"The most seriously injured were medically evacuated off the ship to a hospital in the Philippines, while remaining injured are under evaluation by Ronald Reagan medical staff."

Stars and Stripes reported that 12 people were injured, with four air crewmembers aboard the helicopter when it crashed.

The cause of the incident is under investigation.

At the time of the accident, the country's only forward-deployed aircraft carrier "was conducting routine operations in the Philippine Sea."

A string of accidents: The U.S. military has had a string of recent crashes, including a Navy transporter plane crash last November in the Pacific Ocean near Japan, leaving three dead.

In March, four Marines were killed in a CH-53E Super Stallion helicopter crash in Southern California. 

And in April, a Marine AV-8B Harrier jet crashed at Djibouti Ambouli International Airport, with the pilot ejecting. Hours later, a Marine CH-53 Super Stallion helicopter suffered structural damage during a landing. 


NAVY VET CHARGED IN SENDING TOXIC LETTERS TO PENTAGON: A former Navy sailor accused of sending toxin-filled letters to the Pentagon and White House was indicted on seven counts Thursday by a federal grand jury in Salt Lake City.

William Clyde Allen III, 39, was charged with one count of knowingly threatening to use a biological agent as a weapon, one count of mailing a threat against the president, and five counts of mailing threatening communications to an officer or an employee of the United States, the Justice Department said.

Who he sent the letters to: Allen mailed letters filled with castor beans -- used to make the toxin ricin -- to Defense Secretary James Mattis, Chief of Naval Operations John Richardson, FBI Director Christopher Wray, CIA Director Gina Haspel and Air Force Secretary Heather Wilson, according to the Justice Department.

He's also accused of mailing President Trump a letter filled with "castor bean material" and containing the words "Jack and the Missile Bean Stock Powder."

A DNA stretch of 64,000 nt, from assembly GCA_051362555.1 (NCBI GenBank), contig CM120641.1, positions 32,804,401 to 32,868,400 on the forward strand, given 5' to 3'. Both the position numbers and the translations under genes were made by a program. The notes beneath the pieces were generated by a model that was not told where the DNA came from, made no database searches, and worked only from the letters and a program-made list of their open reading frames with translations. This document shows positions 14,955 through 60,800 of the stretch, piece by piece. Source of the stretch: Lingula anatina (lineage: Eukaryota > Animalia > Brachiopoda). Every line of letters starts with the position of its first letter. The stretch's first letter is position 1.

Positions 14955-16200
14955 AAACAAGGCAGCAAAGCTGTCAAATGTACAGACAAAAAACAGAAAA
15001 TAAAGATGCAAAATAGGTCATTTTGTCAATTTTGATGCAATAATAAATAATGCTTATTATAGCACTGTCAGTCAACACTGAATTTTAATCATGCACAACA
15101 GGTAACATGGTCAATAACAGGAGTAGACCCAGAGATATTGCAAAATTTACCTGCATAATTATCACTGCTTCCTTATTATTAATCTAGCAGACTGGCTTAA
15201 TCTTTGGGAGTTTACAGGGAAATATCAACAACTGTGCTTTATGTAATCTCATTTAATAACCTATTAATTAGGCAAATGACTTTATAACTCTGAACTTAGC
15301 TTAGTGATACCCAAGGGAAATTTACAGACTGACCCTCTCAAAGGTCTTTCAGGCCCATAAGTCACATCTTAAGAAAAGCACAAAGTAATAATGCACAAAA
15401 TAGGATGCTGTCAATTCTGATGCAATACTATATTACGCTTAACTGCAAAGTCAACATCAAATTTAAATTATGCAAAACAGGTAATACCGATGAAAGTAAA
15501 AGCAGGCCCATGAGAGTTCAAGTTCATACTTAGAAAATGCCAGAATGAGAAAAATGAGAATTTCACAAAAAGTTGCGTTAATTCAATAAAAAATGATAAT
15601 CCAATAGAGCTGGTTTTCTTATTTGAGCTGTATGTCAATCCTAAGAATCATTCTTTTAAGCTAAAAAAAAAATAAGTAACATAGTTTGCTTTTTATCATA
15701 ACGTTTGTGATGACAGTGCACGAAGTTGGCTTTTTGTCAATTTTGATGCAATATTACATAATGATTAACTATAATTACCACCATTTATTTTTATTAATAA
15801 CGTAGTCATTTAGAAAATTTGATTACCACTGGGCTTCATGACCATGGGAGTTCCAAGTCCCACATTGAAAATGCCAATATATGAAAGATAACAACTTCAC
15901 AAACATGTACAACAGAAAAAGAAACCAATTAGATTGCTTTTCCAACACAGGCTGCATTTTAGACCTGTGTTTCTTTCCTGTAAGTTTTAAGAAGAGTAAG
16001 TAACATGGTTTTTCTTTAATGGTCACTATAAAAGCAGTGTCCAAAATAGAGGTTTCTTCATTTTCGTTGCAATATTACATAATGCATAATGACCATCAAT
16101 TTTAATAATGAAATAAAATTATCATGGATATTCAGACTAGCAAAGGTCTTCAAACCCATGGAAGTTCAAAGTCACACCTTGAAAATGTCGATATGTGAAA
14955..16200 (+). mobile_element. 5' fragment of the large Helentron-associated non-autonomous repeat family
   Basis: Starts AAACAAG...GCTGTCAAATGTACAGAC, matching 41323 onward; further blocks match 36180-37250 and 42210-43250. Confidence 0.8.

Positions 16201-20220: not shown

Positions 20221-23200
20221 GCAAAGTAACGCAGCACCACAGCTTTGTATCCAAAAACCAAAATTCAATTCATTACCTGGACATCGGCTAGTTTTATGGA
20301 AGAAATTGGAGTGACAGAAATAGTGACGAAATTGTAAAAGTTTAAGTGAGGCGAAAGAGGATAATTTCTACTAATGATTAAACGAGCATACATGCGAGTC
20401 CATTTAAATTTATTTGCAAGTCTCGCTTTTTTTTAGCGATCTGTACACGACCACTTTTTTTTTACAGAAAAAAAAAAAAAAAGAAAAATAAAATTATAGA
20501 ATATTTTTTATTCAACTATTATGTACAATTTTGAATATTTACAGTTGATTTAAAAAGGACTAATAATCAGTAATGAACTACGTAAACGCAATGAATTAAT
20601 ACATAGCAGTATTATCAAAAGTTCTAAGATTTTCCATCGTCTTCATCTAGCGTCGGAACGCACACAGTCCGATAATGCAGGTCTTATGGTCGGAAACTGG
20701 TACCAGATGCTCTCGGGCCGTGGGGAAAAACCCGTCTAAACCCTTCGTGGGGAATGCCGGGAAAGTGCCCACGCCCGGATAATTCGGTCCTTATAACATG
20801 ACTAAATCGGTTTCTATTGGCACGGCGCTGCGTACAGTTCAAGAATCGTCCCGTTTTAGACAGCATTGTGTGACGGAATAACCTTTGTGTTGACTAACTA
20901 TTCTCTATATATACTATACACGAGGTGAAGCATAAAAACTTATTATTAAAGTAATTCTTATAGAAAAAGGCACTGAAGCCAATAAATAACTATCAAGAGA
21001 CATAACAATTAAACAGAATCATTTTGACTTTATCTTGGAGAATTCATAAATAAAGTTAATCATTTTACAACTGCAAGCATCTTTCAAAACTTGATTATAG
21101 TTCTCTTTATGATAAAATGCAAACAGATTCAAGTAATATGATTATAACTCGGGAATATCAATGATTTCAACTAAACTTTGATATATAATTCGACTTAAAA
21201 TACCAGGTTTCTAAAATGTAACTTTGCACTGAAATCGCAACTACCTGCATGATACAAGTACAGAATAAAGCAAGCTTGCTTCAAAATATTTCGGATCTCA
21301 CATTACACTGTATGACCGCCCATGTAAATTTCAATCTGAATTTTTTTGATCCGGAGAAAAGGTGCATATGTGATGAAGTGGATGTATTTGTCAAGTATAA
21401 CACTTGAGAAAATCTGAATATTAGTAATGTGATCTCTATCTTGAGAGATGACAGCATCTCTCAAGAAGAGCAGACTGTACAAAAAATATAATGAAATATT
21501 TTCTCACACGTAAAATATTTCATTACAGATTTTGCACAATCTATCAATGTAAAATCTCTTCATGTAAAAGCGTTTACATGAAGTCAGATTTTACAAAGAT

Allen was arrested Oct. 3 and will remain in jail until the Dec. 26 trial. He pleaded not guilty to all charges Thursday.

The jail time: The maximum penalty for threatening to use a biological toxin as a weapon is life in prison, while mailing a threat against the president carries a five-year maximum penalty. Sending threatening communications to an officer or an employee of the United States via mail has a potential 10-year sentence.

The Justice Department said Allen bought 380 castor beans in December 2017 through eight separate purchases.

Ricin, an easy-to-produce powder that has been used in terror plots, is potentially deadly if made into a pure powder form that can be inhaled or injected.


ON THIS WEEK'S DEADLY AFGHANISTAN ATTACK: Gen. Scott Miller, the top U.S. commander in Afghanistan, said Friday he does not believe he was the target of an attack in Kandahar on Thursday that killed two Afghan officials and wounded two Americans.

"My assessment is that I was not the target. It was a very close confined space. But I don't assess that I was the target," Miller told Afghanistan's Tolo News TV in an interview.

What happened: The attack occurred when a gunman wearing an Afghan army uniform opened fire on participants meeting with Gen. Miller at Kandahar palace. The attack killed Gen. Abdul Raziq, the region's police chief, and intelligence chief Gen. Abdul Momin.

The Taliban said the attack was directed at Miller and Raziq.

Guns drawn: Miller reportedly drew his sidearm during the deadly attack this week on top U.S. and Afghan military leaders.

A coalition member told CNN in an article published Friday that Gen. Scott Miller drew but did not fire his gun.

U.S. military officials said they could not immediately recall another case in which a senior military officer was required to draw their weapon.